Date October 31st , 2013
Place: Roeterseiland complex, building H, room 0.03 (REC-H 0.03 Symposiumzaal)
11.00 COFFEE and OPENING
11.15 - 12.00 Michael Franke ( Amsterdam): On the emergence of compositionality and sequentiality in signaling games
12.00 -12.45 Paul Vogt (Tilburg): Theoretical limitations of cross-situational word learning
12.45- 13.45 LUNCH
13.45 - 14.30 Michael Spranger (Paris): Evolutionary Semantics
14.30- 15.15 Simon Pauw (Amsterdam, Paris) Title Grounding quantifiers in spatial attention: Evolutionary language experiments with robots.The workshop is concluded with a public SMART lecture in a different building
16.00 Luc Steels (Brussels, Paris, Barcelona): Fluid Construction GrammarPlace: Building P (Euclides), room 2.27 (Plantage Muidergracht 24, Amsterdam)
A decisive step in the evolution of language was the transition from a holophrastic term language to a compositional language. A compositional language has structured linguistic expressions which are built up from simpler individually meaningful parts. The meaning of a complex expression is related in a systematic way to the meaning of the parts that it comprises. Much earlier work has suggested mechanism by which structured and compositional languages can emerge in populations of language using agents. The question to be addressed in this talk is slightly more concrete: how "smart" do language using agents have to be in order to acquire behavior that is indicative of rudimentary forms of compositionality and sequentiality? Game theoretic modeling suggests that not much sophistication is needed in principle, but that the emergence of compositionality and basic grammatical structure is not a sure outcome either, as it rather requires a fine mixture of stimulus generalization and expectations of regularity for proto-compositionality to evolve.
Abstract: In order to learn language, one needs to learn the mapping between form and meaning. An increasingly popular learning mechanism that is studied experimentally and computationally is cross-situational learning, where the learner acquires the correct mapping by analysing the co-variance across different situations in which a word occurs. In this talk, I will review a number of computational, mathematical and experimental studies on cross-situational learning that I have conducted over the years. I will not only focus on the strengths of cross-situational learning, but especially on the limitations of this mechanism.
Abstract: Natural Language is evidence for the ingenious ways humans conceptualize reality. English, for instance, provides various ways for talking about objects using many spatial relations such as front, back, up etc. Importantly, English allows to use these different spatial relations in many different conceptualization strategies. For instance, spatial relations can be used in group-based reference (adjectives), or to denote regions (prepositional use). Another type of evidence for the complexity of Natural language semantics comes from the analysis of cross-cultural variation which shows that languages other than English have found radically different ways for conceptualizing reality. E.g. Tzeltal speakers exclusively use absolute spatial relations such as uphill/downhill for talking about objects. These findings point to semantics as an evolutionary system in itself with wide-ranging impact on the evolution of language as a whole.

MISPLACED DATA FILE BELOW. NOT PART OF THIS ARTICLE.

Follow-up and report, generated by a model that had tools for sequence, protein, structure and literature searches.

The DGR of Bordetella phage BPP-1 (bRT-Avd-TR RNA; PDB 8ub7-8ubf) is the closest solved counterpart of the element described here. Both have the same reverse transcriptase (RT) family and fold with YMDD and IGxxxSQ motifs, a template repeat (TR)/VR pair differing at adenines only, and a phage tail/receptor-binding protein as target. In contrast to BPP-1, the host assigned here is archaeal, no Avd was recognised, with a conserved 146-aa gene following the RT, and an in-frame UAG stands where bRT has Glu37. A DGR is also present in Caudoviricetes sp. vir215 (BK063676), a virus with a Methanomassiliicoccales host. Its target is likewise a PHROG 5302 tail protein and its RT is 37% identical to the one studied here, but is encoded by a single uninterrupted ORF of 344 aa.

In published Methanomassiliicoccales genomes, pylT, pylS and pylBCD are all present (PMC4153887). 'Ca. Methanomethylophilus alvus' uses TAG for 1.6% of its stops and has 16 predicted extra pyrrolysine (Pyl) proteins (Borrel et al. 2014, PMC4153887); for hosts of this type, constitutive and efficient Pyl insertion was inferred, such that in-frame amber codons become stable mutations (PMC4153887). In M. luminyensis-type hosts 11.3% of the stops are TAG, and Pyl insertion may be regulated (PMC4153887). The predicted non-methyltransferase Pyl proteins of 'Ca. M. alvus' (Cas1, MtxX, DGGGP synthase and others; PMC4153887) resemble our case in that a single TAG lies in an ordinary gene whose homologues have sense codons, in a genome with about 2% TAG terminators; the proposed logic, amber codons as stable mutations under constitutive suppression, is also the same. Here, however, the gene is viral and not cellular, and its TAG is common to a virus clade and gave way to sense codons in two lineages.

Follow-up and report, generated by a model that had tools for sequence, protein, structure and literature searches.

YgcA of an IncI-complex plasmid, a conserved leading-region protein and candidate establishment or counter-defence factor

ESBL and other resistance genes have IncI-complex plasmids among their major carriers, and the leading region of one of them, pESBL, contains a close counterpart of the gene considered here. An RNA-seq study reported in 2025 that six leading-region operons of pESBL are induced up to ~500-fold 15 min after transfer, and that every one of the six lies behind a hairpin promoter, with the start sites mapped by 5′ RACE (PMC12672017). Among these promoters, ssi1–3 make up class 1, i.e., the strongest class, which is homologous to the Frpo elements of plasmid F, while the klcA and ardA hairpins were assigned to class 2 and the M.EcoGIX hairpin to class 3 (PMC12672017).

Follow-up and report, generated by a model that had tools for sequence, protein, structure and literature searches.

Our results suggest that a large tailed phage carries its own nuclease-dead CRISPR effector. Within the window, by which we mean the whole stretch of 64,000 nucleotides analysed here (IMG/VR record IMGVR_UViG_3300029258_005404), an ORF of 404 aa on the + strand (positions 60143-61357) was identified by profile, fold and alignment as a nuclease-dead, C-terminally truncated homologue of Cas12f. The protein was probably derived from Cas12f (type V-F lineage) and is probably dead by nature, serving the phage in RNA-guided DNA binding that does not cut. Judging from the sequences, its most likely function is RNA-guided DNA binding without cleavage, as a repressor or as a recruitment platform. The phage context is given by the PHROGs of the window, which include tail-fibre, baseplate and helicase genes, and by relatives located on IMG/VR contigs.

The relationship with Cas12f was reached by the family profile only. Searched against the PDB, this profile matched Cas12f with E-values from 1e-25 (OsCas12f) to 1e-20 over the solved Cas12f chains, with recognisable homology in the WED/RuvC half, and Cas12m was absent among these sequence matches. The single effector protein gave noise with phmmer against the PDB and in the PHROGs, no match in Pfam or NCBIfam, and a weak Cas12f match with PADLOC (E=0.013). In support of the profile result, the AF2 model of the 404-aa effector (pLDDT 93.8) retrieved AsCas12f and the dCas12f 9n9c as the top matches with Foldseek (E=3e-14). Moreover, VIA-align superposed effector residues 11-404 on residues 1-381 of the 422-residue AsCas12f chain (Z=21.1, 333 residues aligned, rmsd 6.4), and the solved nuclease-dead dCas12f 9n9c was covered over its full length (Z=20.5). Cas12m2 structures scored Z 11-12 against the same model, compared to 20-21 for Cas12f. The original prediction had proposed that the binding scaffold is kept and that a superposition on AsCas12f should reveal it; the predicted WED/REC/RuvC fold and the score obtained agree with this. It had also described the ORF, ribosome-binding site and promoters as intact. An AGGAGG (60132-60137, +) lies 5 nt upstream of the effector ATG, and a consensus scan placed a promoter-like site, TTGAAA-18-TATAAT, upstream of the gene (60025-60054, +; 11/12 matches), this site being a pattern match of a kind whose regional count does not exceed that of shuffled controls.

This talk will introduce a computational system that allows to model complex conceptualizations underlying natural language, and enables robots to automatically conceptualize the world. In a second part we show how the system can be used to investigate the evolution of rich, open-ended semantics similar to those found in natural language. The talk primarily uses examples from investigations into spatial language, but other areas of language are also discussed.
This talk builds on the idea that human language can be seen as the result of an evolutionary process. The evolutionary paths that language follows are strongly influenced by the cognitive capabilities and limitations of humans. I will illustrate this link between cognition and language evolution for the quantifiers many and few through a number of robotic multi-agent experiments.
The talk discusses the research on language evolution that I have conducted with my students over the past decade. After a general introduction to our methodology and achievements, illustrated with some videoclips of language game experiments on real robots, I will focus on one spin-off of this research, namely a new computational formalism for the parsing, production and learning of construction-based grammars, known as Fluid Construction Grammar (FCG). FCG tries to combine the best ideas that have been around in computational linguistics for the past decades. The result is a new synthesis that allows integration of the constructional perspective, as well as great flexibility and robustness. The presentation is illustrated with a live demonstration of the FCG system in action.